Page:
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Tree-burning Drax power plants dropped from green energy index

The world’s largest biomass-burning power generator faces doubts over the sustainability of burning of wood pellets as a replacement for coal

Drax Group
Last spring, British Columbia’s Pinnacle wood pellet plant was purchased by U.K.-based Drax Group. Environmental groups are calling for a moratorium on the logging of B.C.’s primary forests for pellets. Photo courtesy of Stand.earth

Here’s a green riddle for you: if a tree falls in the forest and it’s chipped, then shipped to be burned for electricity, is it carbon neutral?

It’s a question that’s been tripping up national carbon calculators around the globe since the days of the Kyoto Protocol. From the late 1990s, industry and governments have largely considered burning wood pellets in power stations to be renewable, zero-emitting energy, since planting new trees should, theoretically, absorb enough carbon dioxide to cancel out the emissions that come out of smokestacks as they burn.

But doubts regarding the science behind those claims and the sustainability of the practice have been mounting as more countries ramp up the burning of woody biomass as a replacement for coal.

In October, the world’s largest biomass-burning power generator, Drax Group, was one of 15 companies booted off the S&P Global Clean Energy Index. S&P also ditched the French bioenergy firm Albioma. The reason given: their “carbon-to-revenue footprint” was too large. S&P didn’t offer company-specific details beyond that, saying only that changes to the S&P Global Clean Energy Index were integrated “in order to enhance index diversification, improve transparency, further reduce the index’s carbon footprint, and align the index methodology with market trends and sustainable investing norms.”

That same month, a study led by Princeton University, published in the journal Science, called out a “serious” error in the climate accounting rules widely applied to biomass energy since the Kyoto Protocol. “This accounting erroneously treats all bioenergy as carbon neutral regardless of the source of the biomass.... For example, the clearing of long-established forests to burn wood or to grow energy crops is counted as a 100% reduction in energy emissions despite causing large releases of carbon.

“Burning wood to produce energy can actually worsen climate change, at least through the year 2100 – even if wood displaces coal, the most carbon-intensive fuel.”

 –John Sterman, MIT

The carbon-neutral assumption might be true if you’re using perennial grasses or twigs, but scientists say that tree plantations don’t store as much carbon as natural forests, and regrowth takes time. It could take 40 to 100 years for planted trees to absorb the carbon debt released by biomass power plants (in boreal forests those estimates jump to 100 years).

Back in 2018, MIT scientist John Sterman concluded that “burning wood to produce energy can actually worsen climate change, at least through the year 2100 – even if wood displaces coal, the most carbon-intensive fuel.” In early 2021, the European Academies’ Science Advisory Council affirmed that using woody biomass for power “is not effective in mitigating climate change and may even increase the risk of dangerous climate change.”

Meanwhile, the carbon accounting loophole has fuelled a boom in the biomass industry in Europe, the U.S., Canada and the U.K., where it’s highly subsidized. In the EU, biomass accounts for about 59% of all renewable energy consumption.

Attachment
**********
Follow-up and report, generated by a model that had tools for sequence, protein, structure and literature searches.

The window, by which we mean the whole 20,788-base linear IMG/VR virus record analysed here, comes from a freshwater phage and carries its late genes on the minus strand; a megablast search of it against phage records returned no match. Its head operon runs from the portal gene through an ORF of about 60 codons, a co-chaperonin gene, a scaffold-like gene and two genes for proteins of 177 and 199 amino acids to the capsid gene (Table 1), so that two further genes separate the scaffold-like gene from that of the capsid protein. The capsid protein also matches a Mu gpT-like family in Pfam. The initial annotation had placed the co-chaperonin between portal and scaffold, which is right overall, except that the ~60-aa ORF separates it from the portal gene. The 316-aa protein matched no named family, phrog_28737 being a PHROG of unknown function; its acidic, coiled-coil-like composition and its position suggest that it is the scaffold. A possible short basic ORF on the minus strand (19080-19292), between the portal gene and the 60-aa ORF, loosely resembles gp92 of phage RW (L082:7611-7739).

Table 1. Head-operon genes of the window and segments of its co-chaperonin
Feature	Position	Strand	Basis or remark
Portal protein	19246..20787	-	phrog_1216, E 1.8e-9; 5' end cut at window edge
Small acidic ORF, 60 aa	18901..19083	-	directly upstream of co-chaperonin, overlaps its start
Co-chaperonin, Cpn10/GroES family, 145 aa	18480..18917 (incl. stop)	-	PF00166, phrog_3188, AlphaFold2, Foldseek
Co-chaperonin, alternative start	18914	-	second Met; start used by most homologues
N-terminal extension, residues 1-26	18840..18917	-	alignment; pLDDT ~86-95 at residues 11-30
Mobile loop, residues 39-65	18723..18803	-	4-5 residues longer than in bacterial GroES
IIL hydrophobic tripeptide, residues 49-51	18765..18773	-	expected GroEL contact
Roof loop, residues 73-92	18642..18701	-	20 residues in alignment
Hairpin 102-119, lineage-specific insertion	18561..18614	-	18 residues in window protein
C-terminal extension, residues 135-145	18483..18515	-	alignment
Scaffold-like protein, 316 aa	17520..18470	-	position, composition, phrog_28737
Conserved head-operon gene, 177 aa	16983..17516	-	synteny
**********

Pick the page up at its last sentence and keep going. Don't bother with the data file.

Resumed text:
Once the largest coal generator in western Europe, Drax now gets two-thirds of its biomass from southeastern U.S. forests and a growing percentage from western Canada. Last April, Drax purchased British Columbia’s Pinnacle Renewable Energy, which the company says should increase its annual operational capacity to 4.9 million tonnes of biomass pellets by 2022, up from 1.6 million tonnes. Drax now owns more than half the pellet mills in B.C.

Pellet makers generally say they don’t cut down whole trees and instead use fallen branches, sawdust and other waste wood, but environmental organizations in both the U.S. and Canada say otherwise. The Natural Resources Defense Council has said that “multiple independent investigations show that wood sourced from clearcuts of mature and biodiverse forests routinely enters Drax’s supply chain.”

Drax says that its biomass meets the “highest sustainability standards” and that, in B.C., “harvesting increased significantly to utilise the dead and dying timber [affected by mountain pipe beetle] as lumber in sawmills whilst it was still viable.”

Ben Parfitt, a researcher with the Canadian Centre for Policy Alternatives (CCPA), takes issue with the statement. “Photographs, videos and publicly available data clearly show that Drax doesn’t discriminate between living or dead trees. It takes whatever it can get its hands on,” says Parfitt, who wrote an investigative report on the pellet industry in April. He adds, “It’s time the B.C. government commissioned an independent expert to investigate.”

Until then, CCPA is calling for a ban on any new pellet mills in the province. The Vancouver-based environmental group Stand.earth has called for a moratorium on the logging of B.C.’s primary forests for pellets. Across the pond, 50 MPs wrote a joint letter to Britain’s energy minister in December, calling the burning of wood to create power a “scandal.”

Drax maintains that its bioenergy has slashed its CO2 emissions from power generation by more than 90% since 2012. The firm is looking into piloting carbon-capture technology, which CEO Will Gardiner says will make the company carbon-negative by 2030.

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